[Skip to Navigation]
August 1966

Relationship Between Toxic Erythema and Infant Maturity

Author Affiliations

From the departments of pediatrics and dermatology, University of Southern California School of Medicine and the Newborn Service of Los Angeles County General Hospital.

Am J Dis Child. 1966;112(2):129-134. doi:10.1001/archpedi.1966.02090110073006

TOXIC erythema is a benign self-limited dermatitis occurring in newborn infants within the first days of life. The condition was first mentioned by Bartholomaeus Metlinger in 14721 and named erythema toxicum neonatorum by Leiner2 in 1912. It consists of erythematous macular lesions followed by papulovesicular lesions pustules. The etiology of this condition still remains unclear.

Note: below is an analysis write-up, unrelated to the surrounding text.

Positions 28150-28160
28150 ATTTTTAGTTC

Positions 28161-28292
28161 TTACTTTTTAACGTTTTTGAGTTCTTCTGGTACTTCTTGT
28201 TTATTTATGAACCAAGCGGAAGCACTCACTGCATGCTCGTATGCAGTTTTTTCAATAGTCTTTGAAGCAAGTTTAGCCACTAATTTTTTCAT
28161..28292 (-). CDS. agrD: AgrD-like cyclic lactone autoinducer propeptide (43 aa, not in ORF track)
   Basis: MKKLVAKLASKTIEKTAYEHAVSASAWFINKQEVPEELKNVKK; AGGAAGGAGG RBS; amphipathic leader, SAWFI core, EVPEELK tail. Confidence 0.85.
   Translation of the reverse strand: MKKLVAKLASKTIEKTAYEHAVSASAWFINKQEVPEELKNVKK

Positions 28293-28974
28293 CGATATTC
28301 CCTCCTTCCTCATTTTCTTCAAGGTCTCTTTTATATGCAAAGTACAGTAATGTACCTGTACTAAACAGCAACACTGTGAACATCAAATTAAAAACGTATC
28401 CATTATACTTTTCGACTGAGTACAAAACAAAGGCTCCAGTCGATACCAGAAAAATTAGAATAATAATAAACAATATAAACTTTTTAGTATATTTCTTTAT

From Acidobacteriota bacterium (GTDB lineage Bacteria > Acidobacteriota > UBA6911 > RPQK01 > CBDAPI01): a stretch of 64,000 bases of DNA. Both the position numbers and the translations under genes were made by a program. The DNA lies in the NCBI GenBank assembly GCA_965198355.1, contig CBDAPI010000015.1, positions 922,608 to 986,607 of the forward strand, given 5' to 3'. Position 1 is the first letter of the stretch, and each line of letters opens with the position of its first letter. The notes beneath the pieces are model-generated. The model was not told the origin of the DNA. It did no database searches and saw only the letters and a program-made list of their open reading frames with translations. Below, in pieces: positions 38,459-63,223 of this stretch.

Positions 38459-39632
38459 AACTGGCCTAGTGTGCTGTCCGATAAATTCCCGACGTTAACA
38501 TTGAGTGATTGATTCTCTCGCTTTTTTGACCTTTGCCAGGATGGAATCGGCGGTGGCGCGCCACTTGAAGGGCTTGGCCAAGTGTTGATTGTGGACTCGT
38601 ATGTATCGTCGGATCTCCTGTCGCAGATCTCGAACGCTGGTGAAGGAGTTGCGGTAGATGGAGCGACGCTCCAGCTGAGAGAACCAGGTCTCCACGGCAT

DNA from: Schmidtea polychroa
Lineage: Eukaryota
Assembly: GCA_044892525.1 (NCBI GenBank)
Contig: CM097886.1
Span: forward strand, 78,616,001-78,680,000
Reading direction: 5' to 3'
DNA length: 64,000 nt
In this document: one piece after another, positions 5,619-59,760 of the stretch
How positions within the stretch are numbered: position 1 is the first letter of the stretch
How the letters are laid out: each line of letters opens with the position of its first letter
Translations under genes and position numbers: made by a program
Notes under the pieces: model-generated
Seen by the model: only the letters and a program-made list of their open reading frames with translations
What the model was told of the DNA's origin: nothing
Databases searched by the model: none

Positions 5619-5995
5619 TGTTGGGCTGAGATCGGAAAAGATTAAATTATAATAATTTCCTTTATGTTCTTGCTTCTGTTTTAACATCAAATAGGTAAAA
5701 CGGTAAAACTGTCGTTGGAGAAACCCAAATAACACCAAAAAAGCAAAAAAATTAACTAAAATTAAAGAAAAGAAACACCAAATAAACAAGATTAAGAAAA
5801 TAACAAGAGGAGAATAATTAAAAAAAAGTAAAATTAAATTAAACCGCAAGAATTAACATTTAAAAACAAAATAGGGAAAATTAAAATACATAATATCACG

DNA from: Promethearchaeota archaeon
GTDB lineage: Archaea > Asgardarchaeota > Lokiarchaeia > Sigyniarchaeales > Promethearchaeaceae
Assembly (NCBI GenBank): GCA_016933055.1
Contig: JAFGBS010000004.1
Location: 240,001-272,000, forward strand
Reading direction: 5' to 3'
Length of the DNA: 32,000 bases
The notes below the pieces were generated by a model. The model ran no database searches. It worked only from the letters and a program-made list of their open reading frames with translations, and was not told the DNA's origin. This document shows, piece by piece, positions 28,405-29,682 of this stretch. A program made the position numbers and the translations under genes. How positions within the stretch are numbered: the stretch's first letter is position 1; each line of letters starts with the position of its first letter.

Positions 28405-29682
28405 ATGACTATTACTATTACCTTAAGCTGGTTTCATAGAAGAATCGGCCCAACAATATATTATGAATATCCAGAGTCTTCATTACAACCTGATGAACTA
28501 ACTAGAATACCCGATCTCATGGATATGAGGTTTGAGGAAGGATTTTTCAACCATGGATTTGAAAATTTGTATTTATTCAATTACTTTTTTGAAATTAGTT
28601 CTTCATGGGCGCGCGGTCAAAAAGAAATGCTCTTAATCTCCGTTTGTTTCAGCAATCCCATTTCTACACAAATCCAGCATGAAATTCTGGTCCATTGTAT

It is generally agreed that the incidence of toxic erythema is lower in premature infants than in term infants.3,4 This study was undertaken to determine the relation of three parameters of infant maturity to the development of toxic erythem.

Materials and Methods  A surveillance was made of two term nurseries with an approximate daily population of 25 each and the premature center with an average daily census of 75. All infants less than 12 hours of age when first seen were included in the study and examined daily until their discharge. Term

Add or change institution